Supermarket chain Asda said shoppers can only buy a maximum of two boxes of eggs. “To make sure as many customers as possible can buy eggs, we have introduced a temporary limit of two boxes per customer,” an Asda spokesman confirmed. “We are working hard with our suppliers to resolve the industry challenges which are currently affecting all supermarkets.”
Lidl, meanwhile, imposed a limit of three boxes of eggs for shoppers. A notice at one Lidl location was posted online, which quickly went viral. “Let’s keep enough for everyone,” said the notice, reminding customers of the three-box limit “to ensure that everyone has the essentials they need.”
Other British supermarket chains, however, have refused to impose any purchase limits.
Tesco, Morrisons, Marks & Spencer and Co-op reassured customers that egg purchases at their stores will not be limited. Waitrose said it has not introduced any limits as of press time, but remarked that it is “continuing to monitor customer demand.”
Meanwhile, Sainsbury’s went against the grain and instead imported barn eggs from Italy to solve what it dubbed as “some supply challenges.” The second-largest supermarket chain in the U.K. has prided itself on using only free-range eggs.
The two supermarkets were not the only ones affected by the egg shortage. British pub and hotel chain Wetherspoon also confirmed snags with its supply of eggs.
“We can confirm that there are temporary issues with egg supplies at some Wetherspoon pubs due to the current impact of avian flu on egg production,” a spokesman for the chain said. “We are experiencing issues in receiving all the supplies we require to satisfy demand in every pub.”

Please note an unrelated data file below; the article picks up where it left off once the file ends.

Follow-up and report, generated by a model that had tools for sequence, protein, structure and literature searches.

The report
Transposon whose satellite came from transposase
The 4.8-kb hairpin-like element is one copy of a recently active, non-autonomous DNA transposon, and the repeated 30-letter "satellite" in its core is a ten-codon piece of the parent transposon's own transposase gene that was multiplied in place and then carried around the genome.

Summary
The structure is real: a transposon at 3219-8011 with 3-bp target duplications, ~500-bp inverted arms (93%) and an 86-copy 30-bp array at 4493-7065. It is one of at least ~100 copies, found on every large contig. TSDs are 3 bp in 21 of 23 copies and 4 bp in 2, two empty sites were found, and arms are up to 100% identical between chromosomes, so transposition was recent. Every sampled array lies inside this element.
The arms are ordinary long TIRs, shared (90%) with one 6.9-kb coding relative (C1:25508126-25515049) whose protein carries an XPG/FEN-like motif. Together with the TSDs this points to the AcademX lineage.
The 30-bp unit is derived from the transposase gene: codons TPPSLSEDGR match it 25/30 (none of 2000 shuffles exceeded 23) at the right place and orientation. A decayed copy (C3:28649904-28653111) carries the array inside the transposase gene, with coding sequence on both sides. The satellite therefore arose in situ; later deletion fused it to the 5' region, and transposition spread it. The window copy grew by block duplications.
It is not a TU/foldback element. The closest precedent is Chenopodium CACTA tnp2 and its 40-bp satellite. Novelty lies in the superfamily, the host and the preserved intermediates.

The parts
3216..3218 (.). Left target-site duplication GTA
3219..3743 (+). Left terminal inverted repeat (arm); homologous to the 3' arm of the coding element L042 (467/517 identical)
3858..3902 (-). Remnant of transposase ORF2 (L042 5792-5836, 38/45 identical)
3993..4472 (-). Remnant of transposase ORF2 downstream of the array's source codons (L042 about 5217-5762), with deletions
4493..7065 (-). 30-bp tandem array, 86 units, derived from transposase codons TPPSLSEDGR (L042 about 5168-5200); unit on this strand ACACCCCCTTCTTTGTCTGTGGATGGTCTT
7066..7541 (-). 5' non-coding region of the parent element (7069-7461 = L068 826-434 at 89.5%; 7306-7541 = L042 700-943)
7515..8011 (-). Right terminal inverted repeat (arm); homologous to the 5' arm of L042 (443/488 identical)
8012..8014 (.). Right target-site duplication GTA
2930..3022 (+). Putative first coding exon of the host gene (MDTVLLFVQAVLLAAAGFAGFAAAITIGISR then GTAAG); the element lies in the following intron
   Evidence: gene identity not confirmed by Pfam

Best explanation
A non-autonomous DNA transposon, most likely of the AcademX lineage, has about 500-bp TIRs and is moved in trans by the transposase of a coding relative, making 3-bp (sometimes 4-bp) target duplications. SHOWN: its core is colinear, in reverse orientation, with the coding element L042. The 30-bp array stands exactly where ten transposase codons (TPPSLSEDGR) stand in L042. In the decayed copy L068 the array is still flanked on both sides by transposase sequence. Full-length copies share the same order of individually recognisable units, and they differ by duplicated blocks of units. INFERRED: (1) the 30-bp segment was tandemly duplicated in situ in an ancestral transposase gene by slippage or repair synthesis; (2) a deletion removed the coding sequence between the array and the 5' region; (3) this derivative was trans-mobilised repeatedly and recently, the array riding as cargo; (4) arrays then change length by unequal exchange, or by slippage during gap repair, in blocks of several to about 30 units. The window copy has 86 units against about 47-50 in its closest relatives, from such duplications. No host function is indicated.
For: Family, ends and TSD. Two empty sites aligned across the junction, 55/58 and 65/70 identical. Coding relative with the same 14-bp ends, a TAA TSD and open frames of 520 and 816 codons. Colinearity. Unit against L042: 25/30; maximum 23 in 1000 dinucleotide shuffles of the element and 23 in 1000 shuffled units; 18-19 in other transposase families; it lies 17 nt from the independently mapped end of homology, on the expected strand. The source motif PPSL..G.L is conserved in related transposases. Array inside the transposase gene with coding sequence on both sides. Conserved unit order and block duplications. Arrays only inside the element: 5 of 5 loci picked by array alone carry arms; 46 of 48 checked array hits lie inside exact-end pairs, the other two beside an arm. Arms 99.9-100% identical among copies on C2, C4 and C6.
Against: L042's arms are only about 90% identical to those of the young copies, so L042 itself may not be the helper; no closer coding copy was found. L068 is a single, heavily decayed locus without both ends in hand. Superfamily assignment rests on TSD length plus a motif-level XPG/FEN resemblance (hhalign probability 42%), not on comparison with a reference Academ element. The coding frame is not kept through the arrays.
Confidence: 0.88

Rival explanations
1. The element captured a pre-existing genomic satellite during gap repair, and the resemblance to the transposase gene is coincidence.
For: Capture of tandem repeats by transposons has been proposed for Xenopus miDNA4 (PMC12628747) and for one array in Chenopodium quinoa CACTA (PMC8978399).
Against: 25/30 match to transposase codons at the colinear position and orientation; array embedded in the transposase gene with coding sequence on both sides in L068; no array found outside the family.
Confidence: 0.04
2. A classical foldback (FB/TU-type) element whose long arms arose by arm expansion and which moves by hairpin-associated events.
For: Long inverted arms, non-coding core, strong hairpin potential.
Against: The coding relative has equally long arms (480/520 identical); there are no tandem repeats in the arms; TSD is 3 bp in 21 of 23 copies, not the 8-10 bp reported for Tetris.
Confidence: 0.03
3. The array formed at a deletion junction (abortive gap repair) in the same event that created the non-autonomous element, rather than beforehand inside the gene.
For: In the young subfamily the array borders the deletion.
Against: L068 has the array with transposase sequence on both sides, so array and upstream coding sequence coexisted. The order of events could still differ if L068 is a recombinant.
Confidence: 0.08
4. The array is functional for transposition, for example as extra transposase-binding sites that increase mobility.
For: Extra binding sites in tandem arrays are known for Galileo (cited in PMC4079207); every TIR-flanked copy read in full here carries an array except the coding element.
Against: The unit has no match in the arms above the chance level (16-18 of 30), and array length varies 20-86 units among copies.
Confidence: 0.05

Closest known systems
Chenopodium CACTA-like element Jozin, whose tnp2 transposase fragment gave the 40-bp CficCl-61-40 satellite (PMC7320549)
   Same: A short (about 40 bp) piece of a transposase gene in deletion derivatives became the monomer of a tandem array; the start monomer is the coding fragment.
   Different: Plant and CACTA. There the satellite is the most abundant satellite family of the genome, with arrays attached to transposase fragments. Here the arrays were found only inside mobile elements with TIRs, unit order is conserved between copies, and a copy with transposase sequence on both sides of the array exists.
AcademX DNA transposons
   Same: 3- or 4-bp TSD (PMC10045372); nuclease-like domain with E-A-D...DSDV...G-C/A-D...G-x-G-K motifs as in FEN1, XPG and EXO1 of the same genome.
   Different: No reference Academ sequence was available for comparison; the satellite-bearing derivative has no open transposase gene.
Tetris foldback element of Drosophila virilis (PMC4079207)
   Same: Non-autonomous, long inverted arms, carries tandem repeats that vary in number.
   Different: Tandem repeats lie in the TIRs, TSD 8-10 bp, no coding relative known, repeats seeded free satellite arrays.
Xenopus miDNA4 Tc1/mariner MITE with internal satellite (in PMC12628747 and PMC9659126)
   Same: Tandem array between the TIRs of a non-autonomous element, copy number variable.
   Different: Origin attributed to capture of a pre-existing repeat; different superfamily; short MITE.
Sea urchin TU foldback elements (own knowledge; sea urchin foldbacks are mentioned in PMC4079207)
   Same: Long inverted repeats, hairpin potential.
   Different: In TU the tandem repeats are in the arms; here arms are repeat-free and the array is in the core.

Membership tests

Higher costs, avian flu affecting British egg supply
According to the British Free Range Egg Producers Association (BFREPA), higher costs and grain supply issues since the Russia-Ukraine war’s onset in February seriously impacted the industry. An outbreak of avian flu also dealt a serious blow to the industry, forcing all poultry farmers in England to keep their flocks inside since Nov. 7 to limit contact with wild birds carrying the disease. Culling operations to stem the spread of the disease have caused a reduction of 750,000 egg-laying chickens in the United Kingdom. (Related: Farming disruptions in Ukraine are endangering the food system and global supply chain.)
A spokesman for Noble Foods, the U.K.’s largest egg supplier, said: “Egg producers and packers are losing money due to the unprecedented level of inflation in the sector, driven by global events. Additionally, the sector is experiencing a record number of avian flu cases, which have made producers extremely nervous about restocking their flocks.”
“Farmers are basically losing money because the price that’s being paid in the supermarket isn’t being passed back down the supply chain to farmers,” explained the BFREPA. “So a huge number of them are losing a significant amount of money and can’t afford to produce eggs anymore.”
BFREPA CEO Robert Gooch seconded his group’s remarks on the matter.
“We have been warning for months that failing to pay farmers a price which allows them to make a profit would result in mass destocking or, worse still, an exodus from the industry,” he commented. Referencing the decision by Sainsbury’s to import eggs from Italy, Gooch remarked that “seeing Italian eggs on the shelves is a wake-up call to all retailers that they can’t expect farmers to work for nothing.”
Minette Batters, president of the National Farmers’ Union of England and Wales, ultimately warned that the egg shortage “is the most serious situation for food production” since World War II.
Grocery.news has more stories about supermarkets imposing purchase limits for food items.
Watch this video about a Pennsylvania farmer’s conundrum – sell off 30,000 eggs daily or euthanize 40,000 hens.
This video is from the ZGoldenReport channel on Brighteon.com.
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